THERE WAS ONCE A BOY WHO OUTRAN LIONS. He said he knew lions. He said he understood what made them tick.
The boy would provoke the lions in the open plains, grab their attention from a distance, wait until they started to pursue and then break into a sprint. The lions would cut the distance quickly and get so close that they would slobber on his heels, but the boy would always get away.
People didn’t understand him. They worried for him, envied his courage and cursed his arrogance. Some would approach him in awe and some would inquire as to his method of escape. He would say a lion slept in his house at night and in his dreams he lived in the jungle and fought beasts of every design. He would say that in his dreams he fought giants and goblins, wolves and dark spirits, packs of grizzly bears and clouds of fire that floated through the air.
The boy grew older and kept outrunning the lions. Everyone around him just accepted this odd nuance in behavior. No one spoke about it anymore. No one asked him how he did it. No one was impressed. Some began to worry.
It was at this time that the boy began to change. He no longer loved to outrun the lions, although he would continue to perform the act. He looked angry and mean, tortured and toxic, creeping across the plains with dark eyes. Some began to say that if you stared closely upon his face as he ran, you could see a laugh turn into a cry and return in a flash.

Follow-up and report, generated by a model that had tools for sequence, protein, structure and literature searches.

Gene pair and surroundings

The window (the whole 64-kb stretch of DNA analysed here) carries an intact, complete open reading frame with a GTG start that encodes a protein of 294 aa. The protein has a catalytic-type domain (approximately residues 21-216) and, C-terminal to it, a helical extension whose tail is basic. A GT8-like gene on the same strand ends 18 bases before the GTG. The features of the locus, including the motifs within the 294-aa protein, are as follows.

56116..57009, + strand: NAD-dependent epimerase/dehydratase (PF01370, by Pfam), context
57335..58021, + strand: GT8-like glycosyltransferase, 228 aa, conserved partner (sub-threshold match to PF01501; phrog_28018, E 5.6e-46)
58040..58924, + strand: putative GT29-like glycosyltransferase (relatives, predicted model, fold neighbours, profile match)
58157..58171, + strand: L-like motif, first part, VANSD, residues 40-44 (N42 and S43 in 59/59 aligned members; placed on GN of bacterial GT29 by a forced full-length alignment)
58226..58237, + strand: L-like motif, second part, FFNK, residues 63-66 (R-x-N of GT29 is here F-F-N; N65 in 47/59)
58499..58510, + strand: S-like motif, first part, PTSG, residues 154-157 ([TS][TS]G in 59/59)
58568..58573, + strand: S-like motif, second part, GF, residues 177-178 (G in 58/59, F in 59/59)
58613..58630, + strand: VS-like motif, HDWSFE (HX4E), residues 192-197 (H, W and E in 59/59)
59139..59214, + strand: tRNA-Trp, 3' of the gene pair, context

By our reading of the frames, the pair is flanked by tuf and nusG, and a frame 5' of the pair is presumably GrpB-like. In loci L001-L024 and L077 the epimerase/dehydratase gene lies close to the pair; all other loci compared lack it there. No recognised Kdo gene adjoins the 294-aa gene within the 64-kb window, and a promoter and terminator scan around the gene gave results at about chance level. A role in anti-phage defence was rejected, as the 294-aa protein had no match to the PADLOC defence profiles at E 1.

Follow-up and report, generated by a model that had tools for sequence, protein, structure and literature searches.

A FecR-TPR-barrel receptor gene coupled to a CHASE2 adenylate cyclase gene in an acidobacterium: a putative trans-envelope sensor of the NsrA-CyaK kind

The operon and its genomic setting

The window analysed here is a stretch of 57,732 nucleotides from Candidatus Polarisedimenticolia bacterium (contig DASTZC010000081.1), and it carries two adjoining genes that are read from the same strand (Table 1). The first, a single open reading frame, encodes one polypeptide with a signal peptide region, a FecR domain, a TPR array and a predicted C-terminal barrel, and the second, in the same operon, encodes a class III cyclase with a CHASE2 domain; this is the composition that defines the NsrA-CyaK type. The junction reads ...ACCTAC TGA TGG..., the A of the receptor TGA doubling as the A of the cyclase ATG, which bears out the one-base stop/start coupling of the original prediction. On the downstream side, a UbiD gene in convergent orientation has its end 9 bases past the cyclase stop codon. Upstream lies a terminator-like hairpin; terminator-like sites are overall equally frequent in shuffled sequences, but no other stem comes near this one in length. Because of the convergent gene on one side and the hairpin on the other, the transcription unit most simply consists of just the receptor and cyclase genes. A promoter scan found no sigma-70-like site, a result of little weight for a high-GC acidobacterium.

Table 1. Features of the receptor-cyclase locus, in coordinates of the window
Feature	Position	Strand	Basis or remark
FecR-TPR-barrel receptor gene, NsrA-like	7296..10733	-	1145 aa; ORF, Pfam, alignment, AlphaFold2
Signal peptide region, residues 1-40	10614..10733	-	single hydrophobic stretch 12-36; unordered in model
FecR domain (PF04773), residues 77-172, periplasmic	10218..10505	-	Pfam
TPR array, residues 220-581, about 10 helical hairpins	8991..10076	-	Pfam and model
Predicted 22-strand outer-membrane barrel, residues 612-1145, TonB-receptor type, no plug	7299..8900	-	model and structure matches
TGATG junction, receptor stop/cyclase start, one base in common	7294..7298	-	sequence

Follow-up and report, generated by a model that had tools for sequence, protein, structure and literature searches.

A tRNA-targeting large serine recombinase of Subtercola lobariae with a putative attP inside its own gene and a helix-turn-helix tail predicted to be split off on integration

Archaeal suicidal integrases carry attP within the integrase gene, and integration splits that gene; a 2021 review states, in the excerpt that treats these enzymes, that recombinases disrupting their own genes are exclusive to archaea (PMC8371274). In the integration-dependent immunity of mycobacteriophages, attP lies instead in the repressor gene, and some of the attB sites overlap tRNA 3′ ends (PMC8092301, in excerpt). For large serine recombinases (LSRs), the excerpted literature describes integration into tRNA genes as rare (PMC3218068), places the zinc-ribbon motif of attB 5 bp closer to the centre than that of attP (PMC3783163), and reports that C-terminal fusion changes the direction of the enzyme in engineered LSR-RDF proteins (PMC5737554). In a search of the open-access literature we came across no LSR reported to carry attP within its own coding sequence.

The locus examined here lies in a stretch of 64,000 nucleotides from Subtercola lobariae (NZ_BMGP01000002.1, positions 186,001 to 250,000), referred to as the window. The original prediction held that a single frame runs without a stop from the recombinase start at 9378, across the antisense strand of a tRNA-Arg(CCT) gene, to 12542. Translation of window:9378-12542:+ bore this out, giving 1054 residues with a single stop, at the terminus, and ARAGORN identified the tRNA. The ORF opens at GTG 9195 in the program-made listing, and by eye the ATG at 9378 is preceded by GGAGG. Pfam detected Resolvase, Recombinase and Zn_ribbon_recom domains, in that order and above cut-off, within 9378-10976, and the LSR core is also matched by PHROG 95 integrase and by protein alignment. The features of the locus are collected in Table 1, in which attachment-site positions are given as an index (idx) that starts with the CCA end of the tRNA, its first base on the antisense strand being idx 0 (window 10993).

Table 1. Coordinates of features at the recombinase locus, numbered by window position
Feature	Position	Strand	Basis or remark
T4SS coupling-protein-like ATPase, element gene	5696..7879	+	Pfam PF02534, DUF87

He began to feel as though he was chasing something. Something he couldn’t even see. Something he would never get to. But, each day, as if he were internally programmed, he returned to the plains and outran the lions. Each day the lions caught up to him quickly, and slobbered on his heels before he got away.
One day, he felt nothing on his heels, though. The next day, he felt nothing once again. The third day he peaked over his shoulder at the moment he thought the lion would be closest and nothing was there. He stopped on a dime, spun around, noticed one man who’d been watching him—a man who had watched him many times before—and then froze for a second.
He walked over to the creek and looked at his flowing reflection. On his face had grown whiskers of hair, his glare had grown wild, his cheek bones clenched. He had become the lion.
As he returned home, he began to remember, in bits and pieces, all of the things he had once wanted to do before he got lost chasing after himself.